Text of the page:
Touch of the Irish

(c) Mary Boukouvalas

It started with Steve Earle‘s one man show at The Corner Hotel in Melbourne. Steve introduced one instrument he was playing as the bouzouki. ‘It’s a Greek instrument,’ he said, ‘but I play it Irish-style. The Irish have a long tradition of picking up whatever instruments wash up on their shores and playing them better than where they came from.’

Steve went on to play a number of Irish-style songs in his set, including Dixieland, a song about a Kilrain Fenian from County Clare who fled Ireland for America and ended up fighting with the 20th Maine regiment at Gettysburg — one of an estimated 150,000 Irishmen who fought in the Union army.

I am Kilrain of the 20th Maine and did I tell you friend I’m a fightin’ man/
And I’ll not be back this way again, ‘cause we’re all goin’ down to Dixieland.

The sad postscript to ‘Dixieland’ is that many Irish heroes of the American Civil War returned home to the same prejudice, poverty and unemployment that saw them drafted into military service in the first place.

I’m crediting Steve Earle with kicking off a week for me where everything seemed to have a touch of the Irish.

The night after the gig, we happened to watch ‘Nights in Ballygran’, Episode 5, Season 1 of  Boardwalk Empire, set on the eve of St Patrick’s Day in 1920. Boardwalk Empire, our current HBO series of choice, is set in Atlantic City during Prohibition and centres on gangster-politician Enoch ‘Nucky’ Thompson, played with equal parts charisma and repugnance by Steve Buscemi. ‘Nights in Ballygran’, my favourite episode to date, sees Nucky reluctantly organising a dinner to celebrate what he refers to as the annual festival of ‘crying, arguing, and public drunkenness’. At one point the little people he employs threaten to go on strike unless they’re paid more for the indignity of dressing up as leprechauns at the dinner. Nucky responds by cutting a deal with their chief negotiator.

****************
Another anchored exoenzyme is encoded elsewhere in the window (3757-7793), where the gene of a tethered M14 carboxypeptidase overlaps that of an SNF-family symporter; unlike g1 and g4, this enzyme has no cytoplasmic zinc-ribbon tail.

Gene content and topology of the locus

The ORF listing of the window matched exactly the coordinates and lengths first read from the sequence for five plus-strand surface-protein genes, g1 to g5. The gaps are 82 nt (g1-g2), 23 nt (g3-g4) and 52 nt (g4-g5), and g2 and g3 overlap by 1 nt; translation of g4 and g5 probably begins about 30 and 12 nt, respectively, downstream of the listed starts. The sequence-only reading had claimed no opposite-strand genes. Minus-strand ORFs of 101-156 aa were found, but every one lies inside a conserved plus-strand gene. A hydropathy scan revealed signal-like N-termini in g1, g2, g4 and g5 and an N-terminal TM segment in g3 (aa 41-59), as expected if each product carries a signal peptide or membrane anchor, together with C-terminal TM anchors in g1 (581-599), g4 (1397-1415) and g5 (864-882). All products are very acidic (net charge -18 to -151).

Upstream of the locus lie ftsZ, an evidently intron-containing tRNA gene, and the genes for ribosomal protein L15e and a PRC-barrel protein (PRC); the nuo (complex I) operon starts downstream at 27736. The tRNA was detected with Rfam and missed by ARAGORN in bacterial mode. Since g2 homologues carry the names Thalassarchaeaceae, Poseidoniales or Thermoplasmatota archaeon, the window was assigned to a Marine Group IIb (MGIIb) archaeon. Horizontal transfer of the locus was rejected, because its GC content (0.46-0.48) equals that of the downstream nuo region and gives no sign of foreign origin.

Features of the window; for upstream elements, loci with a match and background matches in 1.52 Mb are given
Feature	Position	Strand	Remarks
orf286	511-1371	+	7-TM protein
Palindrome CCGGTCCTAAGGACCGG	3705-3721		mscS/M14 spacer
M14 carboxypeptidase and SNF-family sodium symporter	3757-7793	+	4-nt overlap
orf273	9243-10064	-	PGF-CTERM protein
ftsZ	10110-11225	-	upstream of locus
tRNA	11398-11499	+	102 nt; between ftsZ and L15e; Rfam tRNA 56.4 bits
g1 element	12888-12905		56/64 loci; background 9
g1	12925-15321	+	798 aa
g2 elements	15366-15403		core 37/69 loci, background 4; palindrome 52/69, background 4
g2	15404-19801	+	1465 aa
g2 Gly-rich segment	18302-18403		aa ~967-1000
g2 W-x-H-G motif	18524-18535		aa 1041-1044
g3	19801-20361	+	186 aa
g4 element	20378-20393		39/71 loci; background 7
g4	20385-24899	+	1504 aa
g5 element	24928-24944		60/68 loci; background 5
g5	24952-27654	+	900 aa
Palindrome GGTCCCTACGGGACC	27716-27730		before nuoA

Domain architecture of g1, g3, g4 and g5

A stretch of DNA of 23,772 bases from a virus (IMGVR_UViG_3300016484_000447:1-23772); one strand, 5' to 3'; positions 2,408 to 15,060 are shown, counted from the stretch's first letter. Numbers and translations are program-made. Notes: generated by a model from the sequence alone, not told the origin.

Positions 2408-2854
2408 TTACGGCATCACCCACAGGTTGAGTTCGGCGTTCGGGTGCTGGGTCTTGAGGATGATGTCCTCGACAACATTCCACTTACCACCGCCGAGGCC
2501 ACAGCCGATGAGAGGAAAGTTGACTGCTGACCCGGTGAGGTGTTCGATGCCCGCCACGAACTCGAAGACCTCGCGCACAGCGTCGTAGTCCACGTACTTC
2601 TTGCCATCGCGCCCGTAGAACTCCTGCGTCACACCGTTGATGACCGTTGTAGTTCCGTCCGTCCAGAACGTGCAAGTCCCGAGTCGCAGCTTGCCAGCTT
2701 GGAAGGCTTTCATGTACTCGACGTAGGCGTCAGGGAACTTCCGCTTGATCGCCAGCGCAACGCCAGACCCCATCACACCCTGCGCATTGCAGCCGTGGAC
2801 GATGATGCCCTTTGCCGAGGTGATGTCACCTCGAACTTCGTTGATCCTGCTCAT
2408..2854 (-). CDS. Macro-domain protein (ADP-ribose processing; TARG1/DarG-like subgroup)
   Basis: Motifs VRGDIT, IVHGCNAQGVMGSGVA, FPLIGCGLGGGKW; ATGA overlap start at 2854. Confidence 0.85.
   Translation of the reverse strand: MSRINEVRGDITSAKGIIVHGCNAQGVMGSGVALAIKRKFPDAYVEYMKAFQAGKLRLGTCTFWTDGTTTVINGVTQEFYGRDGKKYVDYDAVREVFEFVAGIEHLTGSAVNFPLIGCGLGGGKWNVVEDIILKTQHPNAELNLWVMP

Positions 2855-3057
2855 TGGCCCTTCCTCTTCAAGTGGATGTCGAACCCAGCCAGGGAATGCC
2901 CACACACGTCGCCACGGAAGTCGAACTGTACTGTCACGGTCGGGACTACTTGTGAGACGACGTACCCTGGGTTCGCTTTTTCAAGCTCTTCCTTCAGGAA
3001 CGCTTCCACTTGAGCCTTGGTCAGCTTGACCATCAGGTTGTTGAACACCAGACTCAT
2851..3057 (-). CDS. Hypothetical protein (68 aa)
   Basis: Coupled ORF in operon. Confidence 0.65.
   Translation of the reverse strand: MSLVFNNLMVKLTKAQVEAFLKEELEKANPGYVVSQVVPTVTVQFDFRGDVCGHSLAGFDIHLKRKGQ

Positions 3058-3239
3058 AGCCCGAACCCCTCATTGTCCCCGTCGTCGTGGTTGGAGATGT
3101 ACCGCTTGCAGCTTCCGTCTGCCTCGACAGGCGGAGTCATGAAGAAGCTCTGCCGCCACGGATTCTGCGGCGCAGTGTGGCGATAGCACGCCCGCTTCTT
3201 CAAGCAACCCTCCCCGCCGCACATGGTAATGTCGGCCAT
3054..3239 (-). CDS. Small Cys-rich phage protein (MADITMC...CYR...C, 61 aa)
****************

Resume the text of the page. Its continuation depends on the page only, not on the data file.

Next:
For all his wealth and power, I doubt Nucky Thompson could have cut a deal with Bobby Sands and his fellow political prisoners, whose story is brought to the screen in Steve McQueen’s excellent 2008 film Hunger, which we watched the following night. Sands and nine other IRA inmates starved themselves to death in Northern Ireland’s Maze Prison in 1981 in protest against the Thatcher government’s insistence in treating them as common criminals rather than political prisoners. I remember the hunger strikes vividly — I was 15 in 1981 — though I wasn’t aware that prisoners were ‘on the blanket’ for several years beforehand, wearing blankets instead of prison uniforms and smearing their cells with excrement when prison guards refused to allow them to use the toilet.

Hunger is simply one of the best films I have seen in a long time, and not just because it stars my latest crush Michael Fassbender as Sands. As my astute partner Andrew Nette writes in his review on Pulp Curry, it is a blistering film made with remarkable restraint: ‘Fassbender’s depiction of Sands is nothing short of astonishing, given that the meat of the character hangs on just one scene in the 96-minute film, a conversation between Sands and a sympathetic priest.’ I later read that the 17 minute scene in question was shot in one continuous take on the fourth attempt — apparently a world record for a single take on film. A significant portion of the rest of the film has no dialogue at all, serving as an object lesson for writers in the art of ‘show, don’t tell.’